Miscellaneous 08.19

Dear friends,

Somehow, the dog days of summer are already upon us. Something about the manic heat of August (compounded by the manic pace of the daily newsfeed) has us looking back to the scorching socio-cultural landscape of the 1960s. The date might be different, but many of the same issues that plagued those heady years and drew untold millions into the streets in protest remain today: forever wars, environmental crisis, ethnonationalism, poverty, the yawning chasm between political orientations. The list goes on. To make sense of our times, it helps to look back, learning from the mistakes and lessons of the past. This month’s Miscellaneous — Athletics’ no-frills round-up of the cultural items that inspire us each month — dips its toes into these clarifying waters. A good place to start is Jonathan Lerner’s 2017 memoir Swords in the Hands of Children, documenting the author’s prominent role in Students for a Democratic Society, and later, the radical youth movement’s violent offspring: The Weather Underground. Once Upon a Time…in Hollywood, the latest blockbuster by Quentin Tarantino, presents a kaleidoscopic vision of America at the twilight of the 1960s, oscillating between hilarity and horror as only a Tarantino film can do.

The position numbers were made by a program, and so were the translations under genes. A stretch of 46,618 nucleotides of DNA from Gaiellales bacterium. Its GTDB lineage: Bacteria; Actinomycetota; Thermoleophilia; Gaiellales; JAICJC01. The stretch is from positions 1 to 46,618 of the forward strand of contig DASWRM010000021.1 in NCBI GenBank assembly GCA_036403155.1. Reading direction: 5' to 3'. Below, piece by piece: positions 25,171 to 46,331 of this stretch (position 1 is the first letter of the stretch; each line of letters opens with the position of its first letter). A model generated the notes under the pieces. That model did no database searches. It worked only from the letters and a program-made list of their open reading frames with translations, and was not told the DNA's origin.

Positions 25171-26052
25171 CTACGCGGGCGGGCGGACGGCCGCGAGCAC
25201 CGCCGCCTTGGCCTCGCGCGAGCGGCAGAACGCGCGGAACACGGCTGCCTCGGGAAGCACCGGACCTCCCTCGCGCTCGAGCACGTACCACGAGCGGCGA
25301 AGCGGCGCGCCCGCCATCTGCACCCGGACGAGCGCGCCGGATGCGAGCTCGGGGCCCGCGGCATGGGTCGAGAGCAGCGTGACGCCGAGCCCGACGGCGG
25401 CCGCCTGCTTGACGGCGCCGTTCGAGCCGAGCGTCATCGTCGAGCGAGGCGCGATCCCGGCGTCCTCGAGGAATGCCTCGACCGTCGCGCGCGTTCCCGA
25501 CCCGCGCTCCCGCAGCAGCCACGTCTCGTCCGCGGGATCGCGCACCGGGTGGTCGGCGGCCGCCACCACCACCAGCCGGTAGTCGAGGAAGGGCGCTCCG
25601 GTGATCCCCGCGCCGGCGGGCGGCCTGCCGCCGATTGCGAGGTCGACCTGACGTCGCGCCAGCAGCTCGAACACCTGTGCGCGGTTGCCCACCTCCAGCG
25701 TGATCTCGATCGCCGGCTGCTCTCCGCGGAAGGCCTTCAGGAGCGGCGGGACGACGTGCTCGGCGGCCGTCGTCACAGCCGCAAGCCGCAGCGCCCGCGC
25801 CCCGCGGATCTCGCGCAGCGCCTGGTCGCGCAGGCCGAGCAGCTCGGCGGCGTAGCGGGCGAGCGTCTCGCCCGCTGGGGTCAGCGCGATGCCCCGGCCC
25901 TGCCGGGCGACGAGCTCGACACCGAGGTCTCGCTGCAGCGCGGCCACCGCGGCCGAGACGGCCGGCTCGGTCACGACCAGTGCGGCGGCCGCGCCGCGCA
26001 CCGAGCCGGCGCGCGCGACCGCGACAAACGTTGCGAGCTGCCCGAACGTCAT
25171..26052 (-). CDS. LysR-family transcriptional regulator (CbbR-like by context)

Stay tuned for more editions of Miscellaneous in the coming months.
Interested in contributing? Send us an email!

Pierre Cardin @ Brooklyn Museum
The Fields @ Art OMI
Modernist Playgrounds

Apocalypse Now on IMAX (1979)
Once Upon a Time…in Hollywood — Quentin Tarantino (2019)
Dragon Spring, Phoenix Rise — The Shed

Swords in the Hands of Children — Jonathan Lerner
The Living Mountain — Nan Shepherd
A Force For Nature — John H. Adams and Patricia Adams

Tracing Back the Radiance — Jefre Cantu-Ledesma
Orange — Caroline Shaw
Harlem Street Singer — Rev. Gary Davis

Poetic Fragment
“And now the Sun has gone, has bled red,
Weeping behind the hills.
Again the night shadows form.
But beneath the placid face a storm rages.”
— From “The Sun Came” by Etheridge Knight (1986)

In Solidarity,

Header image: “The Photographer” by Jacob Lawrence (1942)